Spider Vein Sclerotherapy

Spider Veins
Spider veins are appear as thin, red/blue/purple very small dilated blood vessels that are just under the skin and frequently appear in clusters. Spider veins develop due to increased pressure in the deeper veins and are associated with larger reticular veins that appear as a blue/green color.

Varicose Veins
Varicose veins are larger diameter veins that are deeper than spider and reticular veins, they become dilated, twisted and swollen when the valves in the veins do not function properly and the pressure within the vein increases.

What is the Cause of Vein Problems
Spider veins and varicose veins can occur anywhere on the body, but most frequently develop in our legs. Factors that contribute to the development of spider and varicose veins are:

  • Heredity (genetic predisposition)
  • Advanced age
  • Prolonged standing
  • Being overweight
  • Hormonal changes during pregnancy
  • The use of birth control medications
  • Hormone replacement therapy
  • Previous venous surgery
  • Exposure to ultraviolet light rays (tanning)

When is Treatment Necessary
If varicose veins or spider veins cause you to have discomfort with standing and activity, or if you develop an open sore near a varicose vein, you should discuss this with your physician. Your doctor may suggest treatment or may refer you for diagnostic testing such as ultrasound evaluation.

Treatment Options
The goals of treatment are to decrease symptoms, reduce the risk of complications and to improve the appearance of the involved areas. Conservative treatment options include the use of compression stockings which are available at many drug stores, your physician should recommend the amount of compression that it right for you. Additional conservative care includes regular walking exercise, weight loss, elevation of your legs while sitting and avoiding standing for long periods of time. Conservative treatment does not always provide satisfactory relief of symptoms and does not typically improve the vein appearance. Alternative treatment may then be necessary and includes sclerotherapy, laser and light treatment, and surgical treatment.

Sclerotherapy is used to treat spider veins and reticular veins by injection a liquid chemical solution through very fine (small diameter) needle directly into the vein. This causes the vein to close and eventually to be reabsorbed by the body. Liquid and foam sclerotherapy are done in the same manner; foam sclerotherapy uses the same chemical solutions mixed with carbon dioxide or air. Foam sclerotherapy is typically used for larger diameter veins, such as reticular veins. There is very little discomfort associated with sclerotherapy injections.

What to Expect After Sclerotherapy
You will need to avoid sun exposure on the treated areas for 2 weeks after treatment; this will decrease the chances of hyperpigmentation at the treatment sites. It is also best to not have treatment for 1-2 weeks after you have been tanning. After treatment you will need to wear 20-30 mm Hg compression stockings for the first 48 hours. Walking activity is encouraged during the first 48 hours and airline travel should be avoided for 2 weeks.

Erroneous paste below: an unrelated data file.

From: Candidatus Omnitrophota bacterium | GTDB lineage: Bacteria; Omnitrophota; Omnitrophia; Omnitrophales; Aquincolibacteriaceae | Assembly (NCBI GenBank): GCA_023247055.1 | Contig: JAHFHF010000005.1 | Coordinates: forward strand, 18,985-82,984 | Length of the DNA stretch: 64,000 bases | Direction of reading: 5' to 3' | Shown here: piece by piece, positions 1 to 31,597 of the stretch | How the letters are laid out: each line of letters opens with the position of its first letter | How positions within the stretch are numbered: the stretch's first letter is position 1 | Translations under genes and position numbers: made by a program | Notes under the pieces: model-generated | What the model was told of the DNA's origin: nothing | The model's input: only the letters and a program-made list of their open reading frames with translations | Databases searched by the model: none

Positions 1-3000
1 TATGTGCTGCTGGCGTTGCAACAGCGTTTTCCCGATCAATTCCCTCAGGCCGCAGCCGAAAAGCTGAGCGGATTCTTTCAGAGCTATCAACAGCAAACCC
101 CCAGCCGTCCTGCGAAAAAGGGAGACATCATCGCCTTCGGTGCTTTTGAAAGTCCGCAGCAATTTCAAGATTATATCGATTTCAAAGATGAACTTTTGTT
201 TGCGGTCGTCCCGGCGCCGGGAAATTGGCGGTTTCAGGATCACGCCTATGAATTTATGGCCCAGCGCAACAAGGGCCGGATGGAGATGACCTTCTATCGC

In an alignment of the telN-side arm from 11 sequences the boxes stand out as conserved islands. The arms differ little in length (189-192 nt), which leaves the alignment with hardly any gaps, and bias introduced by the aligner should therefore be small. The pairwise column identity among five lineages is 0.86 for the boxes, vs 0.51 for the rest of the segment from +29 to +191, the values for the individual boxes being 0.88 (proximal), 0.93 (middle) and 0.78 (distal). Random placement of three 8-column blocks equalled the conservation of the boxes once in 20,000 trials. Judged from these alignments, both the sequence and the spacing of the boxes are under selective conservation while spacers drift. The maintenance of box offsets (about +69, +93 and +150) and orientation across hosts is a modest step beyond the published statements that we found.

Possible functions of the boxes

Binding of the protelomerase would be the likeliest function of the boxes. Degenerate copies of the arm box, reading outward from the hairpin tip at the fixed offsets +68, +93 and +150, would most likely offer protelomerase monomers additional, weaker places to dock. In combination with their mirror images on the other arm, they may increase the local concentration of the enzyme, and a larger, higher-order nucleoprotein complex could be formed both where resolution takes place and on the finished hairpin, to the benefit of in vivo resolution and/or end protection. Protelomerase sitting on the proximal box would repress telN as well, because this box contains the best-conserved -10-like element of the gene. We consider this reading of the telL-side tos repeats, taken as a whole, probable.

You should expect that you will look worse before you look better, there is always bruising and discoloration of the treated area/veins. You may get pigment changes in your skin, which in most cases resolves in 4-6 months. You will not be able to use hot tubs or whirlpools and should avoid strenuous activities for a period of time after sclerotherapy. Many individuals experience clearing of the involved veins in 1-2 treatments, but others may require additional sclerotherapy treatments or other forms of treatment such as laser treatment.

Possible Complications
Sclerotherapy continues to be the “gold standard” for treating spider veins and reticular veins, but as with any medical treatment there are possible risks and complications that can occur. These include: increased pigmentation of the skin, incomplete closure of the vein, allergic reaction, the formation of a scab or scaring and small ulcerations of the skin.

It is important to remember that even though sclerotherapy provides excellent results without complications in most cases, reoccurrence is possible. Your body will have a tendency to form new spider veins if you continue to have increased pressure in your veins or hormonal changes such as those that occur during pregnancy. You should expect to be advised to follow up with your doctor every 12-18 months to treat any new spider veins before they become clusters that require multiple treatments.

Insurance Coverage and Cost
The treatment of spider veins is not typically covered by insurance; coverage for symptomatic varicose veins is covered in some instances. The cost of your treatment will depend on the size of the areas that need to be treated and how many total treatments you will require. Our office offers initial evaluation with information on treatment and cost at no charge.